There is something to be said about the simple life in Nicaragua. Every morning here starts out the same: I wake up, roll out of bed, and pad outside with my journal to listen to the morning sounds of doves cooing, roosters crowing and coffee percolating. If I closed my eyes, I could almost imagine I was home – except for climbing out of a sweaty bunk bed tangled in mosquito netting, swinging in a hammock, and the scent of burnt debris, it is eerily similar to Davis.
And that’s when reality sets in.
Traveling in Nicaragua is hard for foreigners. We’re constantly on guard to keep from eating or drinking the wrong things. We’re vigilant about drinking water to keep hydrated, spraying DEET to ward off malaria and dengue, and we sanitize like it’s going out of style.
But some of my favorite parts about traveling in Nicaragua are really the simple parts that are so very different from living in the US.
The truck rides
I absolutely love riding up the dirt road in the back of the pickup truck. The only rules? Stay seated on the pavement, hold on, and only 10 gringos in the back at once. Easy enough. I remember my terror the first time here at the thought of my children riding in back without seatbelts; I soon realized that the back of the truck was the most comfortable.
The sense of time
It does take some getting used to, this idea of Nicaraguan time. ‘Hurry up and wait’ is how we Americans seem to operate. As long as we make it safely, and everyone in the group is accounted for, time isn’t really something paid a whole lot of attention to. The only rule I’ve heard our host say is to not be driving after dark-it’s not as safe.
Most of our meals are prepared by a restaurant owner named Enrique. He has his own restaurant right around the corner, and we eat breakfast there every morning. Lunch and dinner are either brought to the work site (lunch) or to the Seeds of Learning compound (dinner). Simple and delicious, Nicaraguan food is a combination of savory and sweet, little salt or spice, not much dairy or chceese. The fruits are fresh, squash and corn plentiful, and nearly every meal comes with freshly made corn tortillas. The kids love the soda here – nothing artificial about it. Pure cane sugar!
Each day here is some sort of combination of hard manual labor when building the school, connecting with the community, and working with children.
In Nicaragua we don’t use power tools or pre-made anything – we make our own mortar, cement, and rebar, and it is not unusual to see men working entire days with a pickax to remove one large boulder in the way of a new wall or foundation.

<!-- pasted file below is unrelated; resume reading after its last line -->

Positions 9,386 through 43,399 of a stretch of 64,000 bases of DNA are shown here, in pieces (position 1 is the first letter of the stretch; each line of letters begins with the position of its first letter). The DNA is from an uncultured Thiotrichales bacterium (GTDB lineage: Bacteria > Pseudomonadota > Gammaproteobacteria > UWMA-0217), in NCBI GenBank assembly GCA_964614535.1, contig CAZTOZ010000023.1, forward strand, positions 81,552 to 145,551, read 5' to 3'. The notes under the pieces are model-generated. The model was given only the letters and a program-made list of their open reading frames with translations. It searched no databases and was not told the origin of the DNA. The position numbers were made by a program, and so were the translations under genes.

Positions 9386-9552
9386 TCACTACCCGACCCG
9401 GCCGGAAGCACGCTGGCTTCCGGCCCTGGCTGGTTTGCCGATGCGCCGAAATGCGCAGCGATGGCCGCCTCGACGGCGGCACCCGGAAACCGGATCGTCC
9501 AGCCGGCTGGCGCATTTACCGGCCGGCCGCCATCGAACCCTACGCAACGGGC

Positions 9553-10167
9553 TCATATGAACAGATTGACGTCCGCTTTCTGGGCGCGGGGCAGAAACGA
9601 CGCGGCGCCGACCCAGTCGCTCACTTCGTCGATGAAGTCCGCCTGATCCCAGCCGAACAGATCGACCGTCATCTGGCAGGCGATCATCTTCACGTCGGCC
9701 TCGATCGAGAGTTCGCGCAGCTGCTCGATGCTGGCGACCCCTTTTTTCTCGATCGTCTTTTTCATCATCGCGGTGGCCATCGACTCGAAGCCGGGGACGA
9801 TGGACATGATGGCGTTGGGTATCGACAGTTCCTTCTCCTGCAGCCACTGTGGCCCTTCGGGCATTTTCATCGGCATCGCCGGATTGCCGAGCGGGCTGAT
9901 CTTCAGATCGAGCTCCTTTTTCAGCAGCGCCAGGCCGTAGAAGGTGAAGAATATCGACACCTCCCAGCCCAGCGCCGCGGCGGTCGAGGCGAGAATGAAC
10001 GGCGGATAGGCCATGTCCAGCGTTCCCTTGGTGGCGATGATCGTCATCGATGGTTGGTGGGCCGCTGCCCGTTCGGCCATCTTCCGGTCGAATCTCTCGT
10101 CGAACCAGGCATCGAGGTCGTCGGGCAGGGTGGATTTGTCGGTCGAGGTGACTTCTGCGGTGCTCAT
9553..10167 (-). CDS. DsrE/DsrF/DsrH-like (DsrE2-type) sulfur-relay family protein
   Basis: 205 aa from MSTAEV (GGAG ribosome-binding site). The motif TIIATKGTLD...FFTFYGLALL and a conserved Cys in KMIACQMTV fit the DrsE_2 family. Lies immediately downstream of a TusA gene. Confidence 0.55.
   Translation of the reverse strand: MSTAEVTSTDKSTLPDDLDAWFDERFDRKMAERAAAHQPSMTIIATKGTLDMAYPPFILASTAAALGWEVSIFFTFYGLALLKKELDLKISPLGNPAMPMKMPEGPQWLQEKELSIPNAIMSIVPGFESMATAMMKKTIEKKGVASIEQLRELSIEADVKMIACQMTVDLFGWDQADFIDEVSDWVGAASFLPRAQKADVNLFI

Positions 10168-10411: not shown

The people of Casas Viejas and Ciudad Dario couldn’t be more friendly and hospitable. We get a fair share of strange looks (19 white people walking down the street surely must look odd in these small, remote communities), and cat-calls (chellita! chellita! are the favorites), but considering the US’s checkered past with Nicaragua during the Reagan years, they really do welcome us warmly.
The children here really do seem happy with the simple life in Nicaragua. Although we bring crafts, they really enjoy coloring books, puzzles, Monopoly and chess games, Legos and playing catch. Not many kids here are plugged in or tuned out. Their favorite use of technology seems to be having their picture taken- “un photo” echoes through my ears every afternoon.
The focus on the family
Nicaraguan houses are simple and conducive to socializing with the family and their neighbors. An open door is an invitation in Nicaragua, and each evening we see families gathered on the sidewalk in front of their house, or inside their front room, having conversation and simply spending time together. Often they will draw us in, asking us questions or making friendly comments. In the rural areas, the same sense of connectedness happens with parents and kids sitting outside in the shade, in the crotch of a tree, or on a rock in their garden.
So while I admit I do look forward to a bit of air conditioning, purified tap water and a hot shower, I will certainly miss much about the simple life in Nicaragua. I guess that’s a good reason to come back.